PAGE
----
In his book “Thinking, Fast and Slow” Daniel Kahneman describes a theory of humans’ two modes of thinking: System 1 (fast, subconscious, effortless, automatic) and System 2 (slow, conscious, logical, requires effort, responsible for controlling behaviour)
Our tendency is to tackle incoming stimuli with fast and effortless System 1, but result may lead to decisions which are less than optimal. The book explains in terms of fast and slow thinking: “utility theory”, “prospect theory” and “framing effects”, “reference points”, “endowment effects”, “possibility effect” vs. “certainty effect”, “mental accounting”, “sunk cost fallacy”, value of “broader framework” vs. “narrower framework”. He also discusses a lot of these concepts in context of “behavioural finance”.
Some of his interesting observations include: “people engaged in a “mental sprint” can become effectively blind”, “as skill increases, brain activity decreases”, (here is one that we all could have used before) as part of planning a project use a “pre-mortem” which effectively legitimizes doubts and allows a search for threats where knowledgeable members of the project team are asked to “Imagine we are one year in the future. We implemented the plan as is. Outcome was a disaster. Write a brief history of the disaster.”, we have an “illusion of skill” and “errors of prediction are inevitable because the world is unpredictable”, “algorithms are better than humans”. He uses utility theory to explain “why poor people buy insurance while richer people sell it to them”, uses prospect theory to explain the surprise of risk seeking behavior when presented with a “high probability” of a “large loss” (i.e. having to choose between bad options and ending up with an even worse outcome), explanation of how we choose default vs. action because we prefer regret to blame, and that losses are weighed twice as much as gains. (If you are interested in an abbreviated quick read on behavioural finance consider Nofsinger’s book the “Psychology of Investing”, of which I provide a super-abbreviated summary in “Behavioral Finance”.)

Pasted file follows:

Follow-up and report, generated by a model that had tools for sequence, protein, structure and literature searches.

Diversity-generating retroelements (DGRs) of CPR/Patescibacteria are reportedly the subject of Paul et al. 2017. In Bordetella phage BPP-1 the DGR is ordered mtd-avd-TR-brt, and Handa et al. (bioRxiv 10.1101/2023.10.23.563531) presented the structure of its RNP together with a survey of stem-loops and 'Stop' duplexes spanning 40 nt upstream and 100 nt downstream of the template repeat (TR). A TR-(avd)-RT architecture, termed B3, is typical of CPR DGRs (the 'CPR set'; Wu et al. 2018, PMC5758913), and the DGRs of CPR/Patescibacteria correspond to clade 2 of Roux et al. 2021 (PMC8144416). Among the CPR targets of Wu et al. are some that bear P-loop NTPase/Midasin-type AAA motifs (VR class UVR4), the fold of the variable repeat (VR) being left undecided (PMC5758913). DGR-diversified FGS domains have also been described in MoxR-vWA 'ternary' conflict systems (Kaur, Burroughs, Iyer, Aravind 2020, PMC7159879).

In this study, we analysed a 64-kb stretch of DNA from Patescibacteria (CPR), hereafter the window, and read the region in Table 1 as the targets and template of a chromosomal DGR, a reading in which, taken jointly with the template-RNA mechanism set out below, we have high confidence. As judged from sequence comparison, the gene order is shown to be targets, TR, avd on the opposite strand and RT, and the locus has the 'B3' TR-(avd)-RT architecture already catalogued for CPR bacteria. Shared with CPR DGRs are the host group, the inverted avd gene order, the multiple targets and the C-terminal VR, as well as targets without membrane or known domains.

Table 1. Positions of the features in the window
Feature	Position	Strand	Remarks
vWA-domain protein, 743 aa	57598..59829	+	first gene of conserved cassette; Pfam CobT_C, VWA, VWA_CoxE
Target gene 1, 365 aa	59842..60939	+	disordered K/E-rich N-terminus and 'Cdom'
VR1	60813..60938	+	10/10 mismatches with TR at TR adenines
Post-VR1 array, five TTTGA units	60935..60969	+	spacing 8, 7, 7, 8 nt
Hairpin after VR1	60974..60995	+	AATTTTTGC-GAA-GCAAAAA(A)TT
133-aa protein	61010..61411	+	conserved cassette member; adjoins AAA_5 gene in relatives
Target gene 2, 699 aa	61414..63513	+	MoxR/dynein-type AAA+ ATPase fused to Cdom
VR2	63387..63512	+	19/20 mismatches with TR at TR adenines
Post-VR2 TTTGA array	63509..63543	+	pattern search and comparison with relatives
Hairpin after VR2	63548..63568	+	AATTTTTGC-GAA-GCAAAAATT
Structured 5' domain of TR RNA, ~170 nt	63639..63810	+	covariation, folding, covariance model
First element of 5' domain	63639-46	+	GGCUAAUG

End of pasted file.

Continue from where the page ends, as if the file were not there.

Kahneman also makes a pitch for Thaler and Sunstein’s book entitled “Nudge” on how these theories are used “to help people make good decisions without curtailing their freedom” encouraging a system of “libertarian paternalism”. He mentions the very successful approach to getting people to commit to increase their future retirement savings when they enrol into 401(k) plans based on default set at “auto-enrolment” and a “save more tomorrow” commitment.